New Analysis Finds High Out-of-Pocket Spending Increased for People Covered by Large Employer Plans
Updated Brief Tracks Rise in Workers’ Out-of-Pocket Insurance Costs
A new Kaiser Family Foundation analysis finds about one in four people (24%) covered by large employer plans spent more than $1,000 out-of-pocket on health care in 2015, an increase of seven percentage points from 17 percent in 2005.
About 1 in 10 people in such plans (12%) paid more than $2,000 out-of-pocket in 2015, a distribution that mirrors the distribution of overall health spending, according to the new analysis of claims data. Dollar amounts in the analysis are inflation-adjusted to 2015 dollars.
In addition to overall trends, the analysis also examines gender and age of high spenders, as well as differences in out-of-pocket health expenditures across diseases. It finds:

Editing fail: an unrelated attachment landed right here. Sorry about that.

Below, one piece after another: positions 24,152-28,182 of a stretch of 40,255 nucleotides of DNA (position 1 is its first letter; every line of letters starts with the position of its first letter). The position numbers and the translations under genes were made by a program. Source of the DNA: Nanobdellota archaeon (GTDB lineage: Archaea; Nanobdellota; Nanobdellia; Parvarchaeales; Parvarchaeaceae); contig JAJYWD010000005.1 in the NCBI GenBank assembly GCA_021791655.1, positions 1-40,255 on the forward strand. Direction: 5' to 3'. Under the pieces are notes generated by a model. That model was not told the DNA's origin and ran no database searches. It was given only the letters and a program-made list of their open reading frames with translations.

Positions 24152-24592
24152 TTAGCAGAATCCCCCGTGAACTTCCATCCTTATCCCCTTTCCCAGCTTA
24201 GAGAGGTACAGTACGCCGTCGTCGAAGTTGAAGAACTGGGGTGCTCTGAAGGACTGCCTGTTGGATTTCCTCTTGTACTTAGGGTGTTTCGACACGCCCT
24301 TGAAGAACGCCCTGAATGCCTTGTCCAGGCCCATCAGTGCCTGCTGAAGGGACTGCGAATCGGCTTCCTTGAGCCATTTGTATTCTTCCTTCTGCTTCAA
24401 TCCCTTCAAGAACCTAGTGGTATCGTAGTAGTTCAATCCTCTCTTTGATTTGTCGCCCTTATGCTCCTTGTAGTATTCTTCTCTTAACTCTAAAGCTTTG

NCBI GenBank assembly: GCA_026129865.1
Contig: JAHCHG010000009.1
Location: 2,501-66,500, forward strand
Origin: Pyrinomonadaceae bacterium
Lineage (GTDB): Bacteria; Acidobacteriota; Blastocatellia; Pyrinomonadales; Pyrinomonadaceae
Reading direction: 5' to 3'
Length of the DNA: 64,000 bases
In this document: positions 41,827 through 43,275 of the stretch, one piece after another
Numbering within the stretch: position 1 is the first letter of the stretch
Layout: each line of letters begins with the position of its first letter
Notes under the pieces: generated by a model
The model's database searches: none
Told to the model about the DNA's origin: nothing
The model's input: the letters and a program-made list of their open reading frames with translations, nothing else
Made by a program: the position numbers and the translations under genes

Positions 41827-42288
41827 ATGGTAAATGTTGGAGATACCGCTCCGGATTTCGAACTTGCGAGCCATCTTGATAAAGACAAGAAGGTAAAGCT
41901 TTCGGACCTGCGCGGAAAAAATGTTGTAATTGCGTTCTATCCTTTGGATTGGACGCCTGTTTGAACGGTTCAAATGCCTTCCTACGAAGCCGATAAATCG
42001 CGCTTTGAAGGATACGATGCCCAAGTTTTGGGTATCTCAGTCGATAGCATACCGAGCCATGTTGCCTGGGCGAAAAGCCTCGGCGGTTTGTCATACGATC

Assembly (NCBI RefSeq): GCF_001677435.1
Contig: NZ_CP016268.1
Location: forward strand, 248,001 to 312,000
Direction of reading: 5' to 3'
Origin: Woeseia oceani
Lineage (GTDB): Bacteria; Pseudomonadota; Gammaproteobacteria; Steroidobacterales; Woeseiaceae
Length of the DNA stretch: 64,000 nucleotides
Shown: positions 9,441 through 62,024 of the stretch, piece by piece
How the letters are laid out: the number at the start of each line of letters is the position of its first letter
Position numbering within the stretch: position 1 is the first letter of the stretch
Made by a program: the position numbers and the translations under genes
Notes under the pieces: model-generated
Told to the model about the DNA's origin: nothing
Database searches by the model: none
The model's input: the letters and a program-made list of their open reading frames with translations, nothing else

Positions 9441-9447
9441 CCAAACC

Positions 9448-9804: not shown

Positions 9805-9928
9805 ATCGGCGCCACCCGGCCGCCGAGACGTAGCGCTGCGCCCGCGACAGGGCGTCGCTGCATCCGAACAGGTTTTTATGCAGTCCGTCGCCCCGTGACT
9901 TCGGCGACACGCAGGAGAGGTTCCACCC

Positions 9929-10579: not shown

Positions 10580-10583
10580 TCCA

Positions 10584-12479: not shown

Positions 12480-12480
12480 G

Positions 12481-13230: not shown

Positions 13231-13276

- Among large-group enrollees spending more than $1,000 out-of-pocket in 2015, 59 percent were women, and 41 percent were men.
- Older enrollees were more likely than younger enrollees to spend more than $1,000 out-of-pocket.
- In 2015, average annual out-of-pocket spending for large-group enrollees diagnosed with common cancers ($1,510) and all circulatory diseases ($1,508) was nearly twice that for all enrollees ($778).
Additionally, an updated version of another analysis tracks a continuing trend of rising out-of-pocket costs outpacing costs paid by insurers for workers covered by their employer’s health plans.
The update finds that between 2005 and 2015, covered workers’ average out-of-pocket costs grew 66 percent, compared to health plans’ average payment per enrollee, which rose by 56 percent. Wages, meanwhile, rose by 31% during that period. Overall, workers’ out-of-pocket costs rose from an average of $469 in 2005 to $778 in 2015, while average payment by health plans rose from $2,932 to $4,563.